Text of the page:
Arts & Humanities: Don't Leave College Without Them

creative computers: what the overlap of programming and poetry teaches us about creativity

by Lily Marks

of emotions, creativity, and growth that technology can- not yet replicate. No one should think of humans and technology as opposing one another, because neither work alone. Those who believe we only learn best from paper books are rejecting the ability for technology to serve as an extension (and not a replacement) of human intelligence. However, for technology to help us learn, we must ap- proach it from this standpoint. Using the label “Com- puter Science” allows us to forget how similar the pro- cess is to that of learning a new language, as well as how much more useful technology will be to humans if we approach computer science from a humanities back- ground. Each programming language, as unforgivingly precise as it may be, has a sort of musicality to it. The repetition of certain phrases is not unlike a refrain. Much like how learners of foreign languages must adjust to unfamil- iar syntaxes, coders develop fluency in these patterns. Additionally, the required symmetry of code recalls cer- tain poetic forms. Rules like the logic of “if…then” state- ments or the required indents following colons demand a structure with its own internal logic. The brain processes required to master this science are certainly similar to the process of learning a new lan- guage, or even understanding the format of a sonnet or villanelle in one’s own language. Much as literature, the same program could be written in a variety of styles.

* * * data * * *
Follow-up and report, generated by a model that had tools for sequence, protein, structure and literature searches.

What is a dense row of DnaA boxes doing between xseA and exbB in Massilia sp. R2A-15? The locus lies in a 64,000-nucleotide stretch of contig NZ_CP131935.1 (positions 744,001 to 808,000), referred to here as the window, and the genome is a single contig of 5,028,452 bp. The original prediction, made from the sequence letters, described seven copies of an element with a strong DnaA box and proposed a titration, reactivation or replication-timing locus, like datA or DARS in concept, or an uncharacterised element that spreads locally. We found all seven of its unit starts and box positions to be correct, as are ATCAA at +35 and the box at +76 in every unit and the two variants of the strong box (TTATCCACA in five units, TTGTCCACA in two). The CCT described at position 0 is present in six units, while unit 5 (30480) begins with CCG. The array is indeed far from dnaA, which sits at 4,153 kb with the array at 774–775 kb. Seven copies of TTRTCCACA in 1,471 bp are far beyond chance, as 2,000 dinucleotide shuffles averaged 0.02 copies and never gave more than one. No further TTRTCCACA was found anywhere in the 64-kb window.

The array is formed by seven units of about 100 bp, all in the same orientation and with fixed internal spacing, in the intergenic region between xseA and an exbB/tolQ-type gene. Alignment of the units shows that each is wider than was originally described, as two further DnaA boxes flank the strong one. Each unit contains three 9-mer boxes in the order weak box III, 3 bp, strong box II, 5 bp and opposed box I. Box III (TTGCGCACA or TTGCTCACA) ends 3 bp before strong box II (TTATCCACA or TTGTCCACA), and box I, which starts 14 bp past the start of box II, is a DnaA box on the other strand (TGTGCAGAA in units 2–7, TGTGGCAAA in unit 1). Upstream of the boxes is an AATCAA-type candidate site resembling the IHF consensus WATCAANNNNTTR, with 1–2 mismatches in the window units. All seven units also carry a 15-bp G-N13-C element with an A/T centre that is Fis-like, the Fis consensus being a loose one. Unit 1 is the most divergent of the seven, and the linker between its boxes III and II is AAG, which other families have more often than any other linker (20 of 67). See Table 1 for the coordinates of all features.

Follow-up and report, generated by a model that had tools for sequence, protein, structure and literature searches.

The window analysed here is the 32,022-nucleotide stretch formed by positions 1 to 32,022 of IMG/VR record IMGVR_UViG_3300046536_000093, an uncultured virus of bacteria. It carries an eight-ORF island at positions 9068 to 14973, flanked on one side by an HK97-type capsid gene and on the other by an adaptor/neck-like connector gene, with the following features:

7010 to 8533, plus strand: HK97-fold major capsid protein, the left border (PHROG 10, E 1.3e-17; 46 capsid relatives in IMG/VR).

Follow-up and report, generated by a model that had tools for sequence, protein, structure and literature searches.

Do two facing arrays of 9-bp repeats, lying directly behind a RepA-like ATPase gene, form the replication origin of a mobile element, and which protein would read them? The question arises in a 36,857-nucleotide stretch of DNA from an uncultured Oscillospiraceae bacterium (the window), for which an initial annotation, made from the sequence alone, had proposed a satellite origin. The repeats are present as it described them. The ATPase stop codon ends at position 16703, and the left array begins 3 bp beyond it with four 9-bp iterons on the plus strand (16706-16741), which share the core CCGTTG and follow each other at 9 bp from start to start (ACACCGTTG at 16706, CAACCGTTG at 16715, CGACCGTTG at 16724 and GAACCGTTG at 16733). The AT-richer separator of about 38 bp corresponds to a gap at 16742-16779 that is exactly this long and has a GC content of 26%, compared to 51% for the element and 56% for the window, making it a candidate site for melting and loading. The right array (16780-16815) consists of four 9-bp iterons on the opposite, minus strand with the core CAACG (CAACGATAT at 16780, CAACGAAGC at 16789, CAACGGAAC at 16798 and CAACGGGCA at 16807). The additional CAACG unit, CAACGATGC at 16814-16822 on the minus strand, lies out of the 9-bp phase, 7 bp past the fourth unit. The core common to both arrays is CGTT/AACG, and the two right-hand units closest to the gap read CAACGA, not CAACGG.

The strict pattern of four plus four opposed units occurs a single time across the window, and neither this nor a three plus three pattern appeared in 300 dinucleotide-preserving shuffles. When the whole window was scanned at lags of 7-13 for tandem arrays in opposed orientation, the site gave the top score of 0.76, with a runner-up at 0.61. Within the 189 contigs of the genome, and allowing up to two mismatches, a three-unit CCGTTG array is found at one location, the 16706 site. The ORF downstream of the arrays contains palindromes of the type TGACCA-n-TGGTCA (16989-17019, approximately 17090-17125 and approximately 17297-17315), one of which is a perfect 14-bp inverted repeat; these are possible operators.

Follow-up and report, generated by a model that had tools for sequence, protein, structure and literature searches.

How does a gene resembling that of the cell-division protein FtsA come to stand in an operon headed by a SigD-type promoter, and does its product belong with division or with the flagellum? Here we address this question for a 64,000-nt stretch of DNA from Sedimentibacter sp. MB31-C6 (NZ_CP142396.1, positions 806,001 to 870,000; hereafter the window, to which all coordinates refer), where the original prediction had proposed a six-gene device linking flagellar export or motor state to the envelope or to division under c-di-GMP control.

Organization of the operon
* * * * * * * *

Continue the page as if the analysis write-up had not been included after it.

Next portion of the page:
Writing programs in Python requires the sort of preci- sion most of my writing doesn’t demand. A missing let- ter, an extra comma, or a poorly arranged phrase are more than just confusing; the smallest spelling mistake will stop the program completely. In Python, typing “print” will tell the program to print the characters that follow this command. Typing “Print” yields nothing. Computer Science is not so forgiving of my penchant for typos. Whenever I discover these small problems: the missing colon, the extra space, I want to shout, “it’s close enough!” But of course, the computer can’t “fig - ure it out” the same way a human would. I don’t think I’m the only one who was initially re- pelled by this. The computer doesn’t act like a human. It doesn’t grasp nuances or appreciate aesthetics. Yet this is what others love about computers: the fact that they aren’t human. They don’t make human mistakes. They aren’t inconsistent or volatile. If the code is writ- ten correctly it will work. Every single time. This precision may encourage the pretty prevalent fear that technology is taking over human roles. I’m sure some people welcome the idea of increased efficiency as much as others are afraid of being replaced. But this division doesn’t quite make sense. The capabilities and potential capabilities of comput- ers reach far beyond anything we could do with a hu- man brain alone, yet I still believe there are elements


Arts & Humanities

Don’t Leave College Without Them


Made with FlippingBook - Online magazine maker